Grief can feel consuming, but it does not last forever and by understanding the stages and types of grief, you can find healthier ways to cope.
What is Grief
Grief is the natural response to loss. It is a powerful, sometimes immense emotion for people—particularly to the loss of someone or some living thing that has died, to which affection or bond was formed or from a terminal diagnosis they or someone they love has been given.
According to research, most people can recover from loss on their own over time if they have social support and healthy habits. There is no right or wrong way to grieve as it is both a universal and a personal experience. Grief has physical, social, behavioural, cultural, spiritual, and philosophical dimensions even if we attribute it to the emotional response to loss.
The death of a loved one is often the cause of the fiercest sort of grief but any loss can be the source of grief, including:
- Loss of health
- A relationship breakup or divorce
- Financial instability
- Losing a position of employment
- Losing a pet
- Losing a friendship
Your loss, whatever kind is your own because it is normal to grieve the loss you are experiencing. There is no need to bottle up your feelings or think you ought to grief for certain things. There are healthy ways to look after yourself no matter what leads to your grief as time can soothe your sadness and aid you come to terms with your loss, accept reality, and move on with your life.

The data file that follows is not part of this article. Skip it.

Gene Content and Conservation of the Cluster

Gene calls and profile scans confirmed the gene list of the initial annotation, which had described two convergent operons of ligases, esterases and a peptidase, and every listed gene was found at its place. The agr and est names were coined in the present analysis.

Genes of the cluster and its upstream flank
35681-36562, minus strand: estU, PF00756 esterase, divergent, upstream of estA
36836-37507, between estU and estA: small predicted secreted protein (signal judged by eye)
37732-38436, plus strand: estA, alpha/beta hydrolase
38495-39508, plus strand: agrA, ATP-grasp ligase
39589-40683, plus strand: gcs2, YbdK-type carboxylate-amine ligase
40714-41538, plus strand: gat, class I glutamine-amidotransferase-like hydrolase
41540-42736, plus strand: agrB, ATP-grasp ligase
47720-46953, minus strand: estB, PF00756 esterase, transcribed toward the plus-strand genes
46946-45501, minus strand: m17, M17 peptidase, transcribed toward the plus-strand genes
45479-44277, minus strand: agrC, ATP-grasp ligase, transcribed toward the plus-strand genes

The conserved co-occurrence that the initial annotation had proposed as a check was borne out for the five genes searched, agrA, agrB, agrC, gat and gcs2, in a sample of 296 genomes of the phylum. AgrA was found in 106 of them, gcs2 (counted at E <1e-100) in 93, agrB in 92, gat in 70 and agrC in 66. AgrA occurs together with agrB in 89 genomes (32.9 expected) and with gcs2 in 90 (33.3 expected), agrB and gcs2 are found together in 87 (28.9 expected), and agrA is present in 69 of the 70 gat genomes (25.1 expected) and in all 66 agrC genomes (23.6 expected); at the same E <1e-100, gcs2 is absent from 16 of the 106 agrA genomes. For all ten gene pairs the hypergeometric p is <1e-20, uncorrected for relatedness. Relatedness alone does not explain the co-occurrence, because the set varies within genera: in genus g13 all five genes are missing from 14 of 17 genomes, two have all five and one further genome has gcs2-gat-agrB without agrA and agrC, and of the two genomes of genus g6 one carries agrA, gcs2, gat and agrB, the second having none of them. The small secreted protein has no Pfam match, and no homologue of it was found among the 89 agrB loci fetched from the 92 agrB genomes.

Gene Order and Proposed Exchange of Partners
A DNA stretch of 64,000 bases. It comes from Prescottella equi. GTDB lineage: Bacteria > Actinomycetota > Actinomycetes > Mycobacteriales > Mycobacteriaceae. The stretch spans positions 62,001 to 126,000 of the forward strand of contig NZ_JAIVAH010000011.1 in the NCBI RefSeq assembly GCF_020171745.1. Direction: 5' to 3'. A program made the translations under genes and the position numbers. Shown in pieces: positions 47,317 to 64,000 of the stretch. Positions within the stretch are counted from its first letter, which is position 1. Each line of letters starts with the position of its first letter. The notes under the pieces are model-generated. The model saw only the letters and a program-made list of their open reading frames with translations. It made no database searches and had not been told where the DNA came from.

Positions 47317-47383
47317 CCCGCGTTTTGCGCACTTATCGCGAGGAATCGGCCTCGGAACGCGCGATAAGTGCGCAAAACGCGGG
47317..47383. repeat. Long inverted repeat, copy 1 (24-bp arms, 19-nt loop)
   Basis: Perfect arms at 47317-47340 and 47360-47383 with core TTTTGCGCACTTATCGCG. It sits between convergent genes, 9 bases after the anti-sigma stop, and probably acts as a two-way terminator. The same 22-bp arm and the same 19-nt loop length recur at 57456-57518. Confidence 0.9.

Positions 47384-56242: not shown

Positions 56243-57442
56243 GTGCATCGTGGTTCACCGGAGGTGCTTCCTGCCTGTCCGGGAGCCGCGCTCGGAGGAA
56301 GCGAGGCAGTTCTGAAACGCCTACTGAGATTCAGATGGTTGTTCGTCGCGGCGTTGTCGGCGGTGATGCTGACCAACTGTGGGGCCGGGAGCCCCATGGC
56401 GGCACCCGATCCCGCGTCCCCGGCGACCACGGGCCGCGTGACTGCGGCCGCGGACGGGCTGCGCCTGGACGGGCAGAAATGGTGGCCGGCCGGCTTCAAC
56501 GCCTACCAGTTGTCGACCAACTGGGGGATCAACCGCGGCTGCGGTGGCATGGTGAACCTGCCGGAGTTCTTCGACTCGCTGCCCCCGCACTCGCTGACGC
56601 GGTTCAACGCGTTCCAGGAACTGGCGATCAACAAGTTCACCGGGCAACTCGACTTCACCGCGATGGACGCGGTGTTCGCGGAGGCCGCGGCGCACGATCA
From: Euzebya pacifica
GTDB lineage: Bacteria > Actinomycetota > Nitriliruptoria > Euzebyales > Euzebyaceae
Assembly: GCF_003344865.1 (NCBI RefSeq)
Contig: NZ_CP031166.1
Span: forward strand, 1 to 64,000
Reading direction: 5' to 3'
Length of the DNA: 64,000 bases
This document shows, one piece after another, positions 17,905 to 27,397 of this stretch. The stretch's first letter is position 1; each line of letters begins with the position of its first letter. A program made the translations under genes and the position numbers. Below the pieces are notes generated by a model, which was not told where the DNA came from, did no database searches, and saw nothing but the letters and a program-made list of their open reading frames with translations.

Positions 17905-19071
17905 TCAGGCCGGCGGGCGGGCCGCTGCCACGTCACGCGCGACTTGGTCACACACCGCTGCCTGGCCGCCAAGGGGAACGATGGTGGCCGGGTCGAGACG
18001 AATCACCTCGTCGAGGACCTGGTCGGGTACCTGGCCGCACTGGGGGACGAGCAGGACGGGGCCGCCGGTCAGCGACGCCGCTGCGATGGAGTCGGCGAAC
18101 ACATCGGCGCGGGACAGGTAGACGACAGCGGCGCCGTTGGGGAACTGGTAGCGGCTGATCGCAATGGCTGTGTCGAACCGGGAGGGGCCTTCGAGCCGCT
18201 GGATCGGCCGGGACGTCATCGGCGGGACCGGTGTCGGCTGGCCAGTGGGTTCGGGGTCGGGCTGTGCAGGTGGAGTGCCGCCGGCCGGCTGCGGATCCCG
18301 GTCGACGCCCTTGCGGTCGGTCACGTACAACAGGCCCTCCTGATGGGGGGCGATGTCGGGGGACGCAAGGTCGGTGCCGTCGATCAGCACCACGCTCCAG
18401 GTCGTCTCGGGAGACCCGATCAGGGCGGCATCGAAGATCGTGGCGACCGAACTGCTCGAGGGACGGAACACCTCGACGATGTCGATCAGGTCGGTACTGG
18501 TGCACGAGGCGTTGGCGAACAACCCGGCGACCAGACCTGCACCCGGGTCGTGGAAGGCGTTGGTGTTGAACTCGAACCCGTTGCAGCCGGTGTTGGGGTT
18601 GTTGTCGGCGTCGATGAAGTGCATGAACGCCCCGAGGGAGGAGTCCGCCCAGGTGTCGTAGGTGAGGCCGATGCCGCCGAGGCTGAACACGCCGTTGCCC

Process of Grieving
Grieving is an individual experience that depends on how significant the loss was to you, your faith, your personality, and your life experience. It takes time, it will take a toll on you but being patient is significant and you should allow the process to straighten out on its own.
The pain you feel will not go away swiftly because you chose to not acknowledge it instead face your grief and intently deal with it for healing to occur. There is no time frame for grief. It is different for everyone because we are not the same; even if our loss is similar, our individuality isn’t. You do not need to put on a brave front because feeling sad, panicked, or alone is normal; showing how you truly feel either by crying or cooking or doing something healthy can help your family, friends, and you. Moving on does not mean you have forgotten about your loss but means you have accepted it and will keep the memory of your loss as a crucial part of you.